This novel, a source of controversy and a subject for sermons, has been praised and condemned, vilified and glorified (Classic Notes 3). Brave New World paints a nightmarish future in which science and technology, for the good of mankind, have destroyed mankind. This bleak view of the Utopian world was not really about the future, but a reflection of the present. Huxley began with an aspect of society that he disliked and demonstrated the likely consequences if it were to develop into an extreme (Neilson 2). Examine the world in 1932; science had become an overwhelming social force for better or for worse.
People had seen science prevent millions of deaths with vaccinations and kill millions with horrific, factory-produced weaponry in World War I. The World State in Brave New World uses science to justify and establish a eugenically designed society. Eugenics, the study of genes, was widely advocated and enthusiastically praised by the Nazi party who was forming in Germany at the time the novel was written. The "promised land" in Brave New World offers a life without old age, disease, poverty, unemployment, guilt, and racial discrimination but at a very high price- the sacrifice of freedom, individuality, truth, beauty, a sense of purpose, and the concept of God (SparkNotes 2). Huxley meant Brave New World to be a warning- a warning that a World State is not only possible but probable if we do not protect the rights of the individual to be an individual: to be unique and free. Science and technology should be the servants of man- man should not be enslaved to them.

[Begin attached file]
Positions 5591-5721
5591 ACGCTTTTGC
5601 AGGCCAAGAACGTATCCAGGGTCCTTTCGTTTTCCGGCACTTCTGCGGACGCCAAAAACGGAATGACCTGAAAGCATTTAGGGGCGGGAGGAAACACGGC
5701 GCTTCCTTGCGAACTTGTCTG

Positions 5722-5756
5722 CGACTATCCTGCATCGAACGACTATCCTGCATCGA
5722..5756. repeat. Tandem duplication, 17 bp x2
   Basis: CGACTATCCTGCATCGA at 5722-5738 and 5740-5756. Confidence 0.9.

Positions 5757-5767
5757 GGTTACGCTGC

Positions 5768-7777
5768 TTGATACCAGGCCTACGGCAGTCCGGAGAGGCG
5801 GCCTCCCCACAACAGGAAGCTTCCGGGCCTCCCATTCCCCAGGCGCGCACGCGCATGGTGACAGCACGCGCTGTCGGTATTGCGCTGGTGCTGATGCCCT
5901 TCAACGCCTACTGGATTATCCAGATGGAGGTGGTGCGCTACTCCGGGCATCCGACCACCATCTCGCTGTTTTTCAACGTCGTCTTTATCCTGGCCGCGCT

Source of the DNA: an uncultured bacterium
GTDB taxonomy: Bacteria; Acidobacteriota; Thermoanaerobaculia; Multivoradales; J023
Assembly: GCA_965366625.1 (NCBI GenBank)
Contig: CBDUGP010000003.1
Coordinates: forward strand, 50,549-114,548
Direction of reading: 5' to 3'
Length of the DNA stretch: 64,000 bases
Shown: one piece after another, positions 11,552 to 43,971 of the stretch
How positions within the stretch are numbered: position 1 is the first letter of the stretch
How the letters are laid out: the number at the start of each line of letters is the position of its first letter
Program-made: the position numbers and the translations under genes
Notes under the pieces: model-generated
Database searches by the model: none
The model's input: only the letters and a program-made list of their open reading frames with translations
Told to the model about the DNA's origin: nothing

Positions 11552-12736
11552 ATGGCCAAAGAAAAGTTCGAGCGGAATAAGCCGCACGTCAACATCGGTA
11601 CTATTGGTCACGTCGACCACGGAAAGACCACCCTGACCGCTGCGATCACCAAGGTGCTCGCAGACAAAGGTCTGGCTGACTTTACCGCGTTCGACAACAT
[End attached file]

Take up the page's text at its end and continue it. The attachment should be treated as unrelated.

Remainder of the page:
Brave New World is the description of our lives in the future if the present obsessions persist for standardization according to the sciences: eugenics, philosophy, economics, and mechanics (Monarch 6). Aldous Huxley's dynamic writing style has ranged from aristocratic and resumed to the negative yet reserved satire in his later works. In his Vulgarity in Literature he apologizes by saying that to "shock the stupid and morally reprehensible truth-haters into an acceptance of reality is not only the duty of a satirist, it is a rare pleasure" (Bakke 1). Huxley's strengths are the exuberance of his ideas, his use of wit and satire, his keen observations of mankind and its foibles, and combination of fact (scientific data) and fiction (future life on earth). His weaknesses include the shallowness of his characters, his overriding concern with teaching a lesson or moral, and his over-elaborate framework (Classic Notes 2).